Her goals were rather vague. That was a concern, because if the client’s goals are not specific and concrete enough, I as a hypnotherapist may either not know when they have been achieved, or worse, I may misinterpret what the client wants and give her something else entirely.
So, my first efforts were to establish a bit of rapport, and start in on defining what she actually wanted. Something like “a sense of ease and flow in life” cannot be measured or observed, so I asked a lot of questions to narrow down just exactly what she meant.
And, when I started asking all those question, I noticed two things. She did not have any real specific way of telling when she would have achieved her outcomes. The more I tired to narrow down her outcomes the more she asked for different things. The other thing I noticed was that my efforts to understand her goals were causing me to lose rapport.
My client was kind enough to give me some subtle hints, like, “I don’t feel comfortable that we are developing a safe space for a therapeutic relationship”. And, it took me a while to realize that she was really asking for was psychotherapy rather than hypnotherapy.
Ask a hypnotherapist for something like increased self esteem, and she or he will usually go for it directly and immediately with a specific technique, metaphors, and/or one or more of the other tools of hypnotherapy. A psychotherapist will typically spend one or more sessions establishing a relationship, and then proceed into ongoing open ended nondirective conversation, perhaps digging into the client’s past. And, the psychotherapeutic approach usually is directed towards different kinds of issues than hypnotherapy. For example, a suicidal or deeply drug addicted client would be better served by a psychologist or psychotherapist.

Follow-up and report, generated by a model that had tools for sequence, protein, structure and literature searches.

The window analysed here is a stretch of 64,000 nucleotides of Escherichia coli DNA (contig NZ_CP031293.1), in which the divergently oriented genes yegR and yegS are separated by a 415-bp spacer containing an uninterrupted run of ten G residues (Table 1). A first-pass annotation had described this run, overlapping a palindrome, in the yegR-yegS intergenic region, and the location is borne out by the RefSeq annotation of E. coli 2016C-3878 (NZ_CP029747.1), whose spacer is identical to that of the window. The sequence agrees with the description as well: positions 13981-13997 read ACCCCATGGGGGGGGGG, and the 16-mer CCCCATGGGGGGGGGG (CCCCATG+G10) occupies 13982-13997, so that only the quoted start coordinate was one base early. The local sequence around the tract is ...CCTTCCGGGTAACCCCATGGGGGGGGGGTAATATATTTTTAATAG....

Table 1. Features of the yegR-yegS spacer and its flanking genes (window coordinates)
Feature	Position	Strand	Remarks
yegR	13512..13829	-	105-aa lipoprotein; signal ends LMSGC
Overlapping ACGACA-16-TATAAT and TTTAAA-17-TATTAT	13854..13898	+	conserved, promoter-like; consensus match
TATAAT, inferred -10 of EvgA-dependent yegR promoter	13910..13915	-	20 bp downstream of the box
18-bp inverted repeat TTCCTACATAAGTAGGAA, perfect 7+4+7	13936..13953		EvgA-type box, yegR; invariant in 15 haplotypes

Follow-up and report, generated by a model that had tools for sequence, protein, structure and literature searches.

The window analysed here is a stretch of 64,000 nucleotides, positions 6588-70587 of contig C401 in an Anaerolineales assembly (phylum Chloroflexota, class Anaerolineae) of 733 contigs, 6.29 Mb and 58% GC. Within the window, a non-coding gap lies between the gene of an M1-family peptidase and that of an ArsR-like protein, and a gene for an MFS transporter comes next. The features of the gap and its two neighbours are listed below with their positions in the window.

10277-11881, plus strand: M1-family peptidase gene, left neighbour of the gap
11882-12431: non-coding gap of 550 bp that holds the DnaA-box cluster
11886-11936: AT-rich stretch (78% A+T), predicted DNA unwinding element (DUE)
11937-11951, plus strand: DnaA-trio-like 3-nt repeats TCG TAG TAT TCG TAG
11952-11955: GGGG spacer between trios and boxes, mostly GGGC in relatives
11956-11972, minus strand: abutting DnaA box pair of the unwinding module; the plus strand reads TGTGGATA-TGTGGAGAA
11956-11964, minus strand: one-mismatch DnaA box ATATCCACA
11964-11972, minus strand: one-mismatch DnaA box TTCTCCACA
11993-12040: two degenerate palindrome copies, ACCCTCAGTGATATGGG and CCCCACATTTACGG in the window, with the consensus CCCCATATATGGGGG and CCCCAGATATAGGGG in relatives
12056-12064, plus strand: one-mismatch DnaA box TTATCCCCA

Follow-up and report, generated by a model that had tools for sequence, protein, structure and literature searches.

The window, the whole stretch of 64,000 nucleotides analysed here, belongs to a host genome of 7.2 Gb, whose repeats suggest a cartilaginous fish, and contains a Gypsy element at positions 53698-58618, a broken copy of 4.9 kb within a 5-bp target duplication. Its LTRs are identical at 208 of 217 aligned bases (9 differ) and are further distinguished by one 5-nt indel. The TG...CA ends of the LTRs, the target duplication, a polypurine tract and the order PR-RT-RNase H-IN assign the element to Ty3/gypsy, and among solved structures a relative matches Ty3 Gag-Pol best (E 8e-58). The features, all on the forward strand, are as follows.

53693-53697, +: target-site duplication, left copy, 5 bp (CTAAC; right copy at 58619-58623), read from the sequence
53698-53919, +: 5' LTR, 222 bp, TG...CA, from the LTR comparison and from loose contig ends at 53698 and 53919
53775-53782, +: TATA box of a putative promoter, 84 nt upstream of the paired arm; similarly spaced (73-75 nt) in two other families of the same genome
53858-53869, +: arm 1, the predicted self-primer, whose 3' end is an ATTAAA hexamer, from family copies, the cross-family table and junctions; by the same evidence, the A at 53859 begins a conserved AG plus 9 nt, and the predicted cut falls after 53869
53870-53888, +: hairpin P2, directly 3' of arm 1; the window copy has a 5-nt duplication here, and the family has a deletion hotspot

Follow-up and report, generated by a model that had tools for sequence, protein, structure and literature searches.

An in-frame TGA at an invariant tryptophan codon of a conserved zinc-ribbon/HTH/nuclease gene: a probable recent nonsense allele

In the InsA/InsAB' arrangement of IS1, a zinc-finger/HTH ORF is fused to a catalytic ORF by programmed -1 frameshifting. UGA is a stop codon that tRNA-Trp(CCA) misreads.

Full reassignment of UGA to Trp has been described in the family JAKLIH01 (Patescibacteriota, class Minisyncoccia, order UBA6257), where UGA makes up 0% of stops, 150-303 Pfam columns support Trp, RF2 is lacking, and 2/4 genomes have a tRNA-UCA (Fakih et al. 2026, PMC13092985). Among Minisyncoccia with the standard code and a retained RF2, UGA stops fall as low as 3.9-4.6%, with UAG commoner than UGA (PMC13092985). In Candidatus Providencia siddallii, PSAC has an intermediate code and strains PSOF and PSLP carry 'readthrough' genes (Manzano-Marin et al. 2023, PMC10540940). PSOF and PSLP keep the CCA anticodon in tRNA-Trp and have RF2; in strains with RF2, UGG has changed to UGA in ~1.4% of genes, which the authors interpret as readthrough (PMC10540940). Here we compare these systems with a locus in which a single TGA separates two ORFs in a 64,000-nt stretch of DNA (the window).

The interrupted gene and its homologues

My normal more directive approach was simply making my client close down and feel unsettled. So, I realized that what we both expected from our session was completely different, and that I had lost any chance of having good therapeutic rapport with her. So I stopped the session. I told my client that there I was dissatisfied with how things had gone, which was my responsibility, so I would not charge her for the session.